When I was 17 years old, the flu hit me pretty hard. I was bed ridden and felt so unwell I’d piled on layers and layers of clothes to keep me warm.
At that time, I was getting to know someone who expressed a lot of concern at how unwell I was feeling.
He asked if he could come over and make me feel better. He said, “I can bring ice-cream. Ice-cream cures headaches.”
I didn’t believe what he said for a second but I laughed at his insistence at how this would make me feel better.
I never finished that ice-cream in one sitting. I left it in the fridge until I finished it all. Years later, we would continue to laugh about this story.
This person, who rushed over to make me feel better, who brought along ice-cream, who patted my layers and layers of clothing and told me “You look so beautiful!” is now my husband.
He is also the father of my three children.
Today, we thought we’d treat our children and we bought some ice-cream, and that very early memory of him trying to cure my sickness came flooding back.
That is the sort of person I am married to. One that doesn’t feel it necessary to shower me with expensive diamonds, with expensive shoes, who doesn’t need me to dress up for him to call me beautiful.
Who knows that there is more to life than what you look like, what your house looks like, what you own.
Today, I was reading the news and came across two separate articles about two gun shootings in America within a 24 hour period. I was so distraught that I was almost brought to tears.
This isn’t the first time that I’ve been this overcome with emotion from reading such a story and I know it won’t be the last time either.
What really hit me today was this – I have friends in America who have to live this sort of life every day. Whose Facebook statuses are filled with distress, anger, hopelessness that nothing much is being done to combat the gun violence that all Americans are subjected to.
I may live in Australia but I stand in solidarity with all Americans. You deserve to go to the shops without the fear that you’ll be gunned down. You should be able to go to the movies, go to school, go to festivals without the fear that you’ll be the target of another shooting.
I recently joined two mental health committees – The Australian Mental Health Party, as well as the Wanneroo and Communities Suicide Prevention Network. I have always been passionate about using my voice to make a difference. But this time, I’m making more proactive changes to actually doing it. I work full-time, have a family, am writing my first book – yet I still feel it is my social responsibility to ensure that I am the change that I want to see in the world.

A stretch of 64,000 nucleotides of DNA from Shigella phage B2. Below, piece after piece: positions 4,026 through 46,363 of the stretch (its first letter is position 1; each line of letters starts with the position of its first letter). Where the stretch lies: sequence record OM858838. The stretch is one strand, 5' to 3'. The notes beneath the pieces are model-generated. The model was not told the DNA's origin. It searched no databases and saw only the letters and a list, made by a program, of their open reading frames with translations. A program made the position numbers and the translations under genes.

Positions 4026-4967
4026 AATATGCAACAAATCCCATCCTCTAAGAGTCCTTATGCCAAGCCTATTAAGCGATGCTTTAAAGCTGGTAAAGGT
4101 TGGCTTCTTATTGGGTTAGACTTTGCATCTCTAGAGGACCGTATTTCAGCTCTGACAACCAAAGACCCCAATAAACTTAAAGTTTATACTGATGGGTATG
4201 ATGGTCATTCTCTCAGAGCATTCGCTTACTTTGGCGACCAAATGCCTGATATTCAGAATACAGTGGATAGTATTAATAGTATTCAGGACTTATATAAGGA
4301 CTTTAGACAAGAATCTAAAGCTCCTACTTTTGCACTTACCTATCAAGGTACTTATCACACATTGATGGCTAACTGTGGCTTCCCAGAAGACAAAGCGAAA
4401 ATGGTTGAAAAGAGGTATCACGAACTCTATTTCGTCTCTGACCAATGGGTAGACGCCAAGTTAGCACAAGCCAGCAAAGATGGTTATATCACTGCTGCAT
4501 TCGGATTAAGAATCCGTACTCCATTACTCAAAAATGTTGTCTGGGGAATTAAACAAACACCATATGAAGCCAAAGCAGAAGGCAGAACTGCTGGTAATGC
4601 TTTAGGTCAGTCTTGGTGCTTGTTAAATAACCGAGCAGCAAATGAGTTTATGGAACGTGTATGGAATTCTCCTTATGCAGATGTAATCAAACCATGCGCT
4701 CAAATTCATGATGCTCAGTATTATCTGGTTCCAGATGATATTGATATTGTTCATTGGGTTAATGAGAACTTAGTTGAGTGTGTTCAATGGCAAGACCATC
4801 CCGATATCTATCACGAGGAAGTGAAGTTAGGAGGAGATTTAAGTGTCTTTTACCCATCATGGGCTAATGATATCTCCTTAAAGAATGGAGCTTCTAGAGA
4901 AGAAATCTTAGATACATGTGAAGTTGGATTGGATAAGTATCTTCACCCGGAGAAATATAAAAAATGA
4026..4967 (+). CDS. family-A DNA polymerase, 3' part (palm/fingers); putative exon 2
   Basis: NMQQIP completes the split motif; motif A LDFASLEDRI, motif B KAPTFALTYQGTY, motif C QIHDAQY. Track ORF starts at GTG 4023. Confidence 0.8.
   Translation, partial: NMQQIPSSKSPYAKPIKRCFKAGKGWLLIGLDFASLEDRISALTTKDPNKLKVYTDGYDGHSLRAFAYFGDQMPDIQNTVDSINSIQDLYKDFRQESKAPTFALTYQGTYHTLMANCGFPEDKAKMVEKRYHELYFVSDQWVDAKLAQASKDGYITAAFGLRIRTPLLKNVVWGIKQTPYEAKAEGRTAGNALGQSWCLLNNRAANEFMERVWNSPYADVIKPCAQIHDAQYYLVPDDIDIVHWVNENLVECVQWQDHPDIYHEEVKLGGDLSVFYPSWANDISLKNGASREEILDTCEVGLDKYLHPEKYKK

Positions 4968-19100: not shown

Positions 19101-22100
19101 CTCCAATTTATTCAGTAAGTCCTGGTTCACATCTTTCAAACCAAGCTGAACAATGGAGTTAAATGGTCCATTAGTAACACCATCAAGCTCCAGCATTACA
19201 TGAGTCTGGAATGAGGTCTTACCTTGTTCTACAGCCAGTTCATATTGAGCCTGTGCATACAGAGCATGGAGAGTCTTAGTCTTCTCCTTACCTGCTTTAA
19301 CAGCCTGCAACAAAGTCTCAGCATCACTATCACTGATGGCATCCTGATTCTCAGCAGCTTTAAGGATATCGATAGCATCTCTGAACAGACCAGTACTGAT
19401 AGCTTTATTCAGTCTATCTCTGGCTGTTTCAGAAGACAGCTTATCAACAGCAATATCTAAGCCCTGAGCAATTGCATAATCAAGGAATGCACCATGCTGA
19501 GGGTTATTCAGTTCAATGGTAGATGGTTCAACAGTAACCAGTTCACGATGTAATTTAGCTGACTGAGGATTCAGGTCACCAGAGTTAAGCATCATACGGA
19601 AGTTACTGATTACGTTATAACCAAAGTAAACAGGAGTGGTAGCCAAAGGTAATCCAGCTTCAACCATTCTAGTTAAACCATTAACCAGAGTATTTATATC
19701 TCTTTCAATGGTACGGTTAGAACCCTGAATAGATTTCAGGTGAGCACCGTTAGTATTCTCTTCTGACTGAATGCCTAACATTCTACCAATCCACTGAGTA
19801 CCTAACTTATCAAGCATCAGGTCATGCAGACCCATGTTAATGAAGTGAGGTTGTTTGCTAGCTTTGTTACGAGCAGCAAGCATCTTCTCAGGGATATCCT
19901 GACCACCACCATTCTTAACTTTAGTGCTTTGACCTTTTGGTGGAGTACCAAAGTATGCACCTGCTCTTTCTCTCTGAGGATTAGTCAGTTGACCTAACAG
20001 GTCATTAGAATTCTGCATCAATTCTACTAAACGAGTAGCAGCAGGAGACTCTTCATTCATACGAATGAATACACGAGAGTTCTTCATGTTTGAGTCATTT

And in the same token, I believe that I can and I will do something about the gun violence in America. I can’t sit back any more and read another shooting and think, “Oh no, that’s heartbreaking”. That’s not good enough for me and I will not accept it.
I have three young children who today were at the park, playing happily alongside other children. All children deserve to grow up in a world where there’s isn’t a constant fear that they will be gunned down, where parents don’t fear that their children will suffer the same fate.
We all have as much right as anyone to live the life that makes us happy.
But ask yourself whether what you care about really matters in the end – does it really matter what you look like? Does it really matter what clothes you wear? Does it matter if the man or woman of your dreams has all the money in the world?
It doesn’t. If you have people in your life that support, encourage and love you – then that is enough.
If we all strived to make the world a better place, if we saw gaps/deficiencies in society, if we refused to accept the downfalls – then we could work together to fix them.
I am a survivor of child sexual abuse. I lived with the abuse for 20 years without telling a single soul. I have chosen not to let it define me but instead, to live life with meaning and to leave behind a long-lasting legacy.
Live a life that you can be proud of. Wake up every day knowing that you are working towards making the world a better place.
Thuy Le (formerly known as Thuy Yau) is a freelance writer and Youth Work graduate living in Perth, Australia. She loves to share her own personal experiences about overcoming adversity, as she believes that human beings are more capable than they realise. She writes to make a positive difference in the world and to inspire others to learn from themselves and their own experiences. Her writing has been discussed on radio, won writing contests, appeared on The Huffington Post UK and major Australian sites such as news.com.au, SMH, Kidspot and Essential Kids. She is currently writing her first book.